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Eric J. Cunningham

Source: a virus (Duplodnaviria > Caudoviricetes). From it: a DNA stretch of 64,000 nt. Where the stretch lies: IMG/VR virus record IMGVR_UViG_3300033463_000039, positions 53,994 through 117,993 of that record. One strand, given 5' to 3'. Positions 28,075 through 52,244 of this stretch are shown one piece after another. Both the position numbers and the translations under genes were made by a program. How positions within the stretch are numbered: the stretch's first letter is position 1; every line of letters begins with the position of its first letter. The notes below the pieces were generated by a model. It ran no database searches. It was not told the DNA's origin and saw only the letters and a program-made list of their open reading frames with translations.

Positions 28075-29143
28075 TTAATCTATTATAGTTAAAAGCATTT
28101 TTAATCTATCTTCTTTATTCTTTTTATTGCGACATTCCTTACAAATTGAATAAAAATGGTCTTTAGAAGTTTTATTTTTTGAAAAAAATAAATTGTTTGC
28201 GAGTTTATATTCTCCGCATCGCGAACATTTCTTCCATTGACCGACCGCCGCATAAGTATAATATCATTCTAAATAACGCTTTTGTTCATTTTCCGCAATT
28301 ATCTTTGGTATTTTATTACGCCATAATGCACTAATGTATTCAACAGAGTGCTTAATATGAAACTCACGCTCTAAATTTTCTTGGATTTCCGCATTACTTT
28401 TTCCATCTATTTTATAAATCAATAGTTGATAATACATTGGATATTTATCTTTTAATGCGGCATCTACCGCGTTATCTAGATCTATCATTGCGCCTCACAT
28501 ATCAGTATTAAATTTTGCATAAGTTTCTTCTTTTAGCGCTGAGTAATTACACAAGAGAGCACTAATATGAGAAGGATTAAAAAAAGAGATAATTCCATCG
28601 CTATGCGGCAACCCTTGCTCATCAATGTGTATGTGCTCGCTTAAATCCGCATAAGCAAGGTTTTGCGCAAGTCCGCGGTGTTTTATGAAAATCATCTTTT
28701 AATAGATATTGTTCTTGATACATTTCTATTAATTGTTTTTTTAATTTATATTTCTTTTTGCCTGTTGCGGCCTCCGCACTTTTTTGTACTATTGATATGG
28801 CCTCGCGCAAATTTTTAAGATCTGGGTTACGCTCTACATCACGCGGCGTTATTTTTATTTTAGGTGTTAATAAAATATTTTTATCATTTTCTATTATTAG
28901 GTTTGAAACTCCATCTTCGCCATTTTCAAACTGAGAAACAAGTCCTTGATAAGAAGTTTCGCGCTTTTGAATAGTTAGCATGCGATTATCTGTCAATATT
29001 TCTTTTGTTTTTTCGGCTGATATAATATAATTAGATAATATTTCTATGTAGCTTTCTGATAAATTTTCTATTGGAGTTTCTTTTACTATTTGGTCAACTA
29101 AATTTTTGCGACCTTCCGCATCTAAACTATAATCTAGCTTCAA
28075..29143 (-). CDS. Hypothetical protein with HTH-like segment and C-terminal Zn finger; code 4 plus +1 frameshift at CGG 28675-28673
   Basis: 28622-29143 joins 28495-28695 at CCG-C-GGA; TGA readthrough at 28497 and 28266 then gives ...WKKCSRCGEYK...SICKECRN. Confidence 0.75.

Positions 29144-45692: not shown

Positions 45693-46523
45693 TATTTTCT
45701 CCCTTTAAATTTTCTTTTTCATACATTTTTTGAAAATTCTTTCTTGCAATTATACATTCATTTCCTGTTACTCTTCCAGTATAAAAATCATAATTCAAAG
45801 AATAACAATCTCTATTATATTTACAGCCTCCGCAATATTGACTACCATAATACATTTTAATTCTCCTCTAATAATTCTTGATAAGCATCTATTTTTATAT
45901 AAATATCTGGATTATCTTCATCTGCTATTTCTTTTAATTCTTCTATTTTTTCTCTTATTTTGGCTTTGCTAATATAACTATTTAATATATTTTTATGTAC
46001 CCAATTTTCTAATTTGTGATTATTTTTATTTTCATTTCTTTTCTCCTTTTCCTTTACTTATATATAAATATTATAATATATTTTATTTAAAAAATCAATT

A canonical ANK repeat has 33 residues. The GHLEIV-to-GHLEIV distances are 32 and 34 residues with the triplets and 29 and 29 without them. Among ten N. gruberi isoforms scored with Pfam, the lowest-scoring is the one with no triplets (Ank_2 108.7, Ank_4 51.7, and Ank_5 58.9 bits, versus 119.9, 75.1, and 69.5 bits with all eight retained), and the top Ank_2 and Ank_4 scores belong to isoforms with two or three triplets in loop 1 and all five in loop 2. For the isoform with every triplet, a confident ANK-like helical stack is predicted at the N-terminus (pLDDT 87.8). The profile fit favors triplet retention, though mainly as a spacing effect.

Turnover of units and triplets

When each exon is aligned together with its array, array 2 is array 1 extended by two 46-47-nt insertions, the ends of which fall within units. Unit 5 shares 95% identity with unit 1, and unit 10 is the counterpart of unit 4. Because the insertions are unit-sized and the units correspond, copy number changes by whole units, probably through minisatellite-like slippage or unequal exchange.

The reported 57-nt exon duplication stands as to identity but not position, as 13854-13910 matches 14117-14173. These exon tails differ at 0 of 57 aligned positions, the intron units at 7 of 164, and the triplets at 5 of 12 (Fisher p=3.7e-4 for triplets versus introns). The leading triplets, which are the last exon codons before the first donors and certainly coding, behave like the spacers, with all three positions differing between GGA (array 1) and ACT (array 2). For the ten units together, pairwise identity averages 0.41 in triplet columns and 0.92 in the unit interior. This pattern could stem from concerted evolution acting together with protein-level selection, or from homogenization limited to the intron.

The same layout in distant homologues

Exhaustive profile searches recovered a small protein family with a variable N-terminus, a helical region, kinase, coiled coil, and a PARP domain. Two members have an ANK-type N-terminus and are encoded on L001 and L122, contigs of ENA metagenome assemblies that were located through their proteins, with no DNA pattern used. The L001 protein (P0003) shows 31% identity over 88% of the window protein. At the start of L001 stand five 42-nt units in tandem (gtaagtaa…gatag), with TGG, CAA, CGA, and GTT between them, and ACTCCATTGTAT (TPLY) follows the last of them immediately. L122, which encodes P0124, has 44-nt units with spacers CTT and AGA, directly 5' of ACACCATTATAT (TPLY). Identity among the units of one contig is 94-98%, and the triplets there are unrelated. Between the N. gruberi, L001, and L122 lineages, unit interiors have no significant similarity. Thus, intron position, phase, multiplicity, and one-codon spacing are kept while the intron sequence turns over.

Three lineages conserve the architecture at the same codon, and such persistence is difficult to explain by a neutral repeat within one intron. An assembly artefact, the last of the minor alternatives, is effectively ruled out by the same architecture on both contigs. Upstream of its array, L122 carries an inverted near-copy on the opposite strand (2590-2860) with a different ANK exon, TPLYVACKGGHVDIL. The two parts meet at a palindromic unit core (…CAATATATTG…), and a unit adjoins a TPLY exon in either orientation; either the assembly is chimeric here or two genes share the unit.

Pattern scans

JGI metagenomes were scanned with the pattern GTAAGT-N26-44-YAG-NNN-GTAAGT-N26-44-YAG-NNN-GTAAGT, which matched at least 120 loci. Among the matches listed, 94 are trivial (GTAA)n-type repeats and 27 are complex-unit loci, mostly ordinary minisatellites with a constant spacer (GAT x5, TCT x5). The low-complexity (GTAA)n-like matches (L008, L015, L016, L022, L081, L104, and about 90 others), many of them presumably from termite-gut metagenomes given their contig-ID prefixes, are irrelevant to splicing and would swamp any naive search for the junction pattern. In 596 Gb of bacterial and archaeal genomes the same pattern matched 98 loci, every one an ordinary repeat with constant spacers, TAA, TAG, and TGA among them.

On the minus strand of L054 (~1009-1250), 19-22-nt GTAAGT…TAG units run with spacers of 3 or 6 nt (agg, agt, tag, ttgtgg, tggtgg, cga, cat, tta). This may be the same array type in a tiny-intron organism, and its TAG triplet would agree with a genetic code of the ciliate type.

This article examines socio-cultural circulations associated with dams and other water management technologies in central Japan. Such technologies and the circulations of water they enable link communities across Japan’s rural and urban spaces in social, political, economic, and cultural ways. They also produce anxieties by highlighting social inequalities and the disparate impacts of water resource development in modern Japan. Using Makio Dam in central Japan as a case study, I argue that actors in both upstream and downstream communities actively imagine and enact social relationships that work to ease the tensions that arise from unidirectional flows of water by producing sensations of harmony and common identity.